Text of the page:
The toad lily is a member of the family Liliaceae or the Lily family of the genus Tricyrtis Wall. or tricyrtis P having one species Tricyrtis hirta (Thunb.) Hook. commonly named toad lilly P. Toad lilies are native to Asia and are a hardy plant that does well in the temperate zones from four to eight. They bloom from late summer to early fall and are an excellent shade plant that does well in containers or as a border accent. These tropical looking flowers come in several varieties and are easy to grow. Toad lily blossoms are an important source of nectar for wildlife to provide energy to butterflies and hummingbirds for their southern migration. The genus name Tricyrtis was derived from the Greek words “tri” meaning three and “kyrtos” which means swelling, arched, bulging or humped because of structure of the flower. The common name toad lily was given to the plant because of the spots on the blossom; however there are more colorful stories as to how the plant was named. One famous tale was that the people of the Filipino tribe known as the Tasaday would rub the flower on their bodies when they went frog hunting to attract them.
Toad lilies blossoms are less than an inch and have six petals. There are many flowers that grow upright on the stem that are white in color with speckles that can be red to purple in hue. They look like tiny orchids. The leaves are shaped like a lance and have a fuzzy texture with some varieties having a brown mottled coloring. Other varieties have bell shaped flowers and others can be star shaped.
How to grow and care for toad lilies
Toad lilies are perennials and prefer shade in warmer climates and can be planted in partial shade or sunny areas in the colder climates. They grow to a height of two to three inches and like moist soil and regular application of a weak fertilizer mixture. They should be planted in the spring to get late summer and early fall blooms. It is advised to make a garden plan if toad lilies are included in the garden.
Pest, disease, and other problems growing toad lilies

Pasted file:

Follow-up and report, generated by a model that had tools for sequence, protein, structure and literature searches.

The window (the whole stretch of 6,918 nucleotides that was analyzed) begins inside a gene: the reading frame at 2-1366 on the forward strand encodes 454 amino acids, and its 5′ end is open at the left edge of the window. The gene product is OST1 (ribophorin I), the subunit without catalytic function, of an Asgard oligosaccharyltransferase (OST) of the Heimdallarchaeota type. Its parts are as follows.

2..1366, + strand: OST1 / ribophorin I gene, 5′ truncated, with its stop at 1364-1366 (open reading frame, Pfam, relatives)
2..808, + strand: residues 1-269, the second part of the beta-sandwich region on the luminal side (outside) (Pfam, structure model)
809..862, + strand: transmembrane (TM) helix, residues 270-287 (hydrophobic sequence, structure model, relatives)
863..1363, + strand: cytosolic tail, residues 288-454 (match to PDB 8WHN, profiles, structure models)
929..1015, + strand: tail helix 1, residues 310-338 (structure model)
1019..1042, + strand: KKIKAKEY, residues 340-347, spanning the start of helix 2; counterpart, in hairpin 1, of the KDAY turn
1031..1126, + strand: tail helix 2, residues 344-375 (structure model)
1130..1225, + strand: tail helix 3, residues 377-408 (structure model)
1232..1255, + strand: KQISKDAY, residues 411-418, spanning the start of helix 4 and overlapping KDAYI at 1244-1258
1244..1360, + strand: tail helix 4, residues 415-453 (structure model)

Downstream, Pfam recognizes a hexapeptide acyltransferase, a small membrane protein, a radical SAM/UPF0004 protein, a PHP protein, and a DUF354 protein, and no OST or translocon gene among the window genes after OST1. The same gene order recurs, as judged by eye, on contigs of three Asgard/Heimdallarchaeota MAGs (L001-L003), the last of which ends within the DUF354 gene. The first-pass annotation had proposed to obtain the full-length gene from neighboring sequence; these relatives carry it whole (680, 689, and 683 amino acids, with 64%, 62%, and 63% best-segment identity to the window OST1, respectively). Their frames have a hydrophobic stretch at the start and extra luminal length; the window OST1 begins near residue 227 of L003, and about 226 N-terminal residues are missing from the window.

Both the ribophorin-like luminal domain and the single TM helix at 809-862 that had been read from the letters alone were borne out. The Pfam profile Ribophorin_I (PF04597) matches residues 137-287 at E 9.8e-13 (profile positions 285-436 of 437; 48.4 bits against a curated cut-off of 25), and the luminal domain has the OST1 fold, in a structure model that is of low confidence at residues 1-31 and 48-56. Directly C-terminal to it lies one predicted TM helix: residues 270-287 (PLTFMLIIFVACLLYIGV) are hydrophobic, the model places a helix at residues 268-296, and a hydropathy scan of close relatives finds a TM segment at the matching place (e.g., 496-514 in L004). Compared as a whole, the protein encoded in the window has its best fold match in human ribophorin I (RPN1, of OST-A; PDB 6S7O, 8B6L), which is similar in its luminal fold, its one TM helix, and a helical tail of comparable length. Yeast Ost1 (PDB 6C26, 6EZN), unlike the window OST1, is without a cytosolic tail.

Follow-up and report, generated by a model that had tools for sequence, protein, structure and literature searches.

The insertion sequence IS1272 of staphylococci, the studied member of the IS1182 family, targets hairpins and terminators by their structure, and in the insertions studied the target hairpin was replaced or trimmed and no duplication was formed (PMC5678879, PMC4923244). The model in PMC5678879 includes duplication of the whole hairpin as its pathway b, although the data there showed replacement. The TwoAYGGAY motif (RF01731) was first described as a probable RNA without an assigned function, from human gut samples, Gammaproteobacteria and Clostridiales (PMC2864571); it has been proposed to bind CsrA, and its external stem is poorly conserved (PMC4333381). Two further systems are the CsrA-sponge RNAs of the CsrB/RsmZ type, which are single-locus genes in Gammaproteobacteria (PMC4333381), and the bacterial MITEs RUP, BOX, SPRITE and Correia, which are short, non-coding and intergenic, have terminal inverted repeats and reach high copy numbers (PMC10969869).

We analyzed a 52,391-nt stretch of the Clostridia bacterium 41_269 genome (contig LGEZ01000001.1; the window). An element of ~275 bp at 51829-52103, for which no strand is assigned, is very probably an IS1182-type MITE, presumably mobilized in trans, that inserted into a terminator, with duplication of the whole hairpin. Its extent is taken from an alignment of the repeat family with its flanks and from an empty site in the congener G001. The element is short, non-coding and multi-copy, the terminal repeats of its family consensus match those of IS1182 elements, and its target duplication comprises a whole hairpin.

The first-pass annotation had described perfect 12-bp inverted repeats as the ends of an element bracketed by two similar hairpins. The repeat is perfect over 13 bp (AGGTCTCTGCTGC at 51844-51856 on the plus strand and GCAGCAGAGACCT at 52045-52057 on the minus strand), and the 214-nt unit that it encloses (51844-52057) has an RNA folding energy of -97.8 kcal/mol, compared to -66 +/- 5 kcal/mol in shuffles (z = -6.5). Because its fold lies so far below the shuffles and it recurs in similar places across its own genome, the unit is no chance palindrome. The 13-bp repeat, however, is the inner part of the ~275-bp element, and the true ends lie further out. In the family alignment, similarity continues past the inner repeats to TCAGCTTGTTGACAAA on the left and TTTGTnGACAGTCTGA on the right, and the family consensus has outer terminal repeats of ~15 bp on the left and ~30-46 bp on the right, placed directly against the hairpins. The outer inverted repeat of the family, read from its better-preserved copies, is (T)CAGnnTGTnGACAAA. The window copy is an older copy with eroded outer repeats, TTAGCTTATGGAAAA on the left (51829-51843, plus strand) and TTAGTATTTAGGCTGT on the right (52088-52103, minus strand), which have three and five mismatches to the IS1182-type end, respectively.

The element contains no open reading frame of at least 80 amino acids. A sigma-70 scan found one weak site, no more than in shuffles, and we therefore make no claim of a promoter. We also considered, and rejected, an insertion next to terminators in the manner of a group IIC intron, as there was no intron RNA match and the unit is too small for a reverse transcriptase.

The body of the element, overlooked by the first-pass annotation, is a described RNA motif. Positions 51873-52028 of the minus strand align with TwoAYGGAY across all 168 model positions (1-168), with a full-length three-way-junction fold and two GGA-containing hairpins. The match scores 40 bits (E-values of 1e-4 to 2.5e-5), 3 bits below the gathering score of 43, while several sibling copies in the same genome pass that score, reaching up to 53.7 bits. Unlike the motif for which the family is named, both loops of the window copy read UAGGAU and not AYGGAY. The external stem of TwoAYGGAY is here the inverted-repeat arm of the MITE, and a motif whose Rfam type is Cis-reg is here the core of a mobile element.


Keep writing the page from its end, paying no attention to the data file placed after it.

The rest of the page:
Toad lilies, while a hardy plant in less idea conditions, might attract slugs and snails that will eat the spring leaves. These predators are kept away if the soil is nutritionally balanced. Though they do not attract deer, rabbits will eat new growth plants. A resent disease known as Tricyrtis floral virus has become a problem causing the plant to become mottled and turn purple this will not kill the plant but it will affect the color of the blossoms. There is no cure but to remove the plant and do not compost it.
More interesting facts of toad lily history
Toad lilies’ history prior to the late 16th Century is not clear. The Japanese call the plant “hototogiso,” which translates to “little cuckoo.” It is said that Japanese gardens have included them in their gardens and as container plants. Carl Peter Thunberg was the first to document toad lilies in 1776. The plant was introduced to Europe by Sir Joseph Dalton Hooker in the mid-18th Century. Later in the century it was brought to America and cultivated in Cambridge, Massachusetts and in New Zealand. By the 1950’s, toad lilies were made available for purchase, becoming a popular addition to the garden by the 1990’s due to a high evaluation in a program held by the Chicago Botanic Garden. During that period, more varieties were developed both in the United States and Japan.
Toad lilies are a member of the Lily family and are native to Asia. They were brought to Europe in the mid-18th Century, and to America and New Zealand at the end of the 1800’s. They are a late summer and autumn blooming shade plant that resembles an orchid and brings color to the fall garden. They are an excellent border plant and do well in containers. It is advised to plant them in the spring for late summer blooming.